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2 great ways to learn! read our guides • watch the videos

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Take better shots with your EOS D-SLR FREE VIDEO DISC INSIDE

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minutes of video guides to using Canon’s editing software

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CHAPTER ONE

Camera skills

6

Master your SLR!.......................................8 Don’t be a D-SLR dunce ..........................18 Exposure made easy ...............................28 Get creative with lenses .........................38 Sharpen up your shots!...........................50 24 steps to better night photos ............ 60

CHAPTER TWO

Canon SLR College

70

Focal length .............................................72 Focusing...................................................76 Depth of field ..........................................82 Aperture ................................................. 86 Shutter speeds ....................................... 90 Exposure modes..................................... 94 Metering modes explained.................... 98 White balance........................................102 Digital processing................................. 106 Flash .......................................................110 ISO speeds .............................................114 File formats and memory cards ...........118 Histograms ............................................122 Video......................................................126 Battery power .......................................130

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Custom Functions .................................134 Live View ...............................................138 Drive modes ..........................................142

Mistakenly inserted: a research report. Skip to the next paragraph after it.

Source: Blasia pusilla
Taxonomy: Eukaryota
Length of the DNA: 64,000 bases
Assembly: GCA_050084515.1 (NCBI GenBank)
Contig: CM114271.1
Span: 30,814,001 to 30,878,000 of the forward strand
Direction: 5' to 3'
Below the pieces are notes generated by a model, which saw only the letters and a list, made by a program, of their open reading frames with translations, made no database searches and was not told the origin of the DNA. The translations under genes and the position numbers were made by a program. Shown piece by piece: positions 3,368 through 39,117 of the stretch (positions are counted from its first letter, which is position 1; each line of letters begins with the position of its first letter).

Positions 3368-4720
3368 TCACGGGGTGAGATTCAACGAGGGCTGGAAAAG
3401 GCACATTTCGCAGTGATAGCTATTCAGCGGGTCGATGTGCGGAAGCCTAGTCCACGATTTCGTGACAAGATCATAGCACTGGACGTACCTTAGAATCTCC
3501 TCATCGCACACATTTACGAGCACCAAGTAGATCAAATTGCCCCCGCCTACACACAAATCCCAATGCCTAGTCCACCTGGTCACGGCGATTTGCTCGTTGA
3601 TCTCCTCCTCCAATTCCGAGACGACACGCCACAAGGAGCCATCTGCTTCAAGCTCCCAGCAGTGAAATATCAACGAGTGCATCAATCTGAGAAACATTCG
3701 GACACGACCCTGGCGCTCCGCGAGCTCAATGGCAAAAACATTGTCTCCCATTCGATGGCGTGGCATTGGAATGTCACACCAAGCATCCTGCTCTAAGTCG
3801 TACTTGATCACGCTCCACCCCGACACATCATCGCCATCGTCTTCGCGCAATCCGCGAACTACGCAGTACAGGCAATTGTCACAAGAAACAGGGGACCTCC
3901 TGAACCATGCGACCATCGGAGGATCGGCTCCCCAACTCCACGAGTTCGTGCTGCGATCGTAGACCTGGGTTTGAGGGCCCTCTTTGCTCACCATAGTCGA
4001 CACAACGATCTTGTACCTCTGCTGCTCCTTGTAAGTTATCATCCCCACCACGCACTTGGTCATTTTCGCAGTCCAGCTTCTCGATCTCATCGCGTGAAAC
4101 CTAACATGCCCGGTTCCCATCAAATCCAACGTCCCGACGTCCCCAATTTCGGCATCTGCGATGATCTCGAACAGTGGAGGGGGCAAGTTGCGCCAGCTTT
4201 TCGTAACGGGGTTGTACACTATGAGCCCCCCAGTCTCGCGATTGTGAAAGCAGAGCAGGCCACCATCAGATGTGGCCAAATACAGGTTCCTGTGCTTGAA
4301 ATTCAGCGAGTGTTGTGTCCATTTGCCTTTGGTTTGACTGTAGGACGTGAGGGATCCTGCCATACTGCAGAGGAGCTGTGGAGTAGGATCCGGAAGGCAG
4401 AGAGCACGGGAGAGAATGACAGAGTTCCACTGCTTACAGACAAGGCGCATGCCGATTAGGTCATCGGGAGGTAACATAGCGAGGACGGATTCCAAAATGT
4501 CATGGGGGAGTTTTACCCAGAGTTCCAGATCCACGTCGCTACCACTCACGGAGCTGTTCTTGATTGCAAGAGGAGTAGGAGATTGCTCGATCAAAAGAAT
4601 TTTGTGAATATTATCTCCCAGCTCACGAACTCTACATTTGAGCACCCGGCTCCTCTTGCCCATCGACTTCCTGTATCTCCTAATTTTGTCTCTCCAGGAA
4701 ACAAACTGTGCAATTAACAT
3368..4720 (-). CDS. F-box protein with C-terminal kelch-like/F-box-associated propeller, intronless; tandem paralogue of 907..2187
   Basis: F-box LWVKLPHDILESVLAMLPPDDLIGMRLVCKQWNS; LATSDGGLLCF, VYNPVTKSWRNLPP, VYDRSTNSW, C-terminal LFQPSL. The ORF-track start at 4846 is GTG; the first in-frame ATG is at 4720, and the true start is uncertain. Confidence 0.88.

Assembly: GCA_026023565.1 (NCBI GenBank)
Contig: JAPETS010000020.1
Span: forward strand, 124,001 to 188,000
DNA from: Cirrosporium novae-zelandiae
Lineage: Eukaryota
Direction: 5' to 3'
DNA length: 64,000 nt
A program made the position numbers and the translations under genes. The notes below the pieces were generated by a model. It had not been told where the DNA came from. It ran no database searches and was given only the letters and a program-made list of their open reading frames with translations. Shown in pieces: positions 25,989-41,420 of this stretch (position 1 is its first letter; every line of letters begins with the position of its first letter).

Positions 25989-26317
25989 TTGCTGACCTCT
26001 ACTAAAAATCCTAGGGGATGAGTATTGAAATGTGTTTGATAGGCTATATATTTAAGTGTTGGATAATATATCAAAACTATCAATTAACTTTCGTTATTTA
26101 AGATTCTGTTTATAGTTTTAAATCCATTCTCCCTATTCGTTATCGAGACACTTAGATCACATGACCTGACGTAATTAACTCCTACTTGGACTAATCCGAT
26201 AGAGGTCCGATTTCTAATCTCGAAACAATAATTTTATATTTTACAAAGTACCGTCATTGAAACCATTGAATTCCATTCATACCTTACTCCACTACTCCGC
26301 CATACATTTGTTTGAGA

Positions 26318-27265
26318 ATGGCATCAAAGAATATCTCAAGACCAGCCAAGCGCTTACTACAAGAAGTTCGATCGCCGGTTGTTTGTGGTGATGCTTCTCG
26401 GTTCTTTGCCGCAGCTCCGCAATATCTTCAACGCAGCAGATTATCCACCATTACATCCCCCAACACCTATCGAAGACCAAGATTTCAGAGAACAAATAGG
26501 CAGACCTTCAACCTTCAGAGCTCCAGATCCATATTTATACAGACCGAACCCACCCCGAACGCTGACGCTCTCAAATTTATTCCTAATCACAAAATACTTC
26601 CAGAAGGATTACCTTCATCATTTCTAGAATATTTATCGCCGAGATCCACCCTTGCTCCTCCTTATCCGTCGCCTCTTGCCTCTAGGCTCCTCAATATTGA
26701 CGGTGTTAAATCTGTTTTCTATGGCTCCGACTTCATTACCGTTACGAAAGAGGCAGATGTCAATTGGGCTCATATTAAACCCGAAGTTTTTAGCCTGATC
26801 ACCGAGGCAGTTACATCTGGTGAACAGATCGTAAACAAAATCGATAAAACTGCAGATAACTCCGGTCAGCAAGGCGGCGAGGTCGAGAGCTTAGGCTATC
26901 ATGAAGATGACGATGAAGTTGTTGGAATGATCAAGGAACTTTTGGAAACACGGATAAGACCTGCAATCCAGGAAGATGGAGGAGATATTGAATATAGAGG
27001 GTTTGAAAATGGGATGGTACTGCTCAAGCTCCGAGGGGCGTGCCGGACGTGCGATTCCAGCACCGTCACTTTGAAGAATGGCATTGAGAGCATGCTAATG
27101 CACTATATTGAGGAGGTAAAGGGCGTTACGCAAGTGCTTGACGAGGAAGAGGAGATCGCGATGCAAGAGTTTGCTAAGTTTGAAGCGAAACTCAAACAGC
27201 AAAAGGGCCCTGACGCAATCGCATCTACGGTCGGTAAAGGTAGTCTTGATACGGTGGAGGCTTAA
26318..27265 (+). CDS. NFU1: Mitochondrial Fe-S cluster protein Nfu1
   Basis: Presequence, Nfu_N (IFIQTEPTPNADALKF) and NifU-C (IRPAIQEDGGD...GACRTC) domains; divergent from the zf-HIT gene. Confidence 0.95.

CHAPTER THREE

Master Canon software 146 Master Digital Photo Professional ...........148 Process multiple images in minutes ........152 Turn three shots into a panorama ...........156 Create custom Picture Styles....................158 Ten ways to use EOS Utility ......................160 Organise your photos ...............................164

CHAPTER FOUR

Essential kit

166

Budget telephoto zooms ...................... 168 Teleconverters ....................................... 177 Ultra-wide lenses .................................. 178 Battery grips.......................................... 189 Macro lenses..........................................190 Superzoom lenses .................................204 Remote releases.................................... 213 Flashguns ............................................... 214

ON YOUR DISC

Using your Video Disc 224 Get the most out of the supplied Video Disc

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Camera skills

Get to grips with metering, histograms, exposure compensation, and more with our jargon-free guide

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Camera skills

S

etting the right exposure is one of the most of the important things for the photographer – and camera – to get right. If too much light reaches the sensor, your pictures can be a whitewash – quite literally! Too little light, and you might as well have left the lens cap on! Fortunately, your Canon provides you with a wide range of ways to control the exposure – each providing different degrees of automation, or different ways of setting and assessing the necessary combination of shutter speed and aperture. With such a great range of exposure modes, metering patterns, locks and overrides, it can be difficult to know which to use when. Inevitably, some do very similar things to others – and in many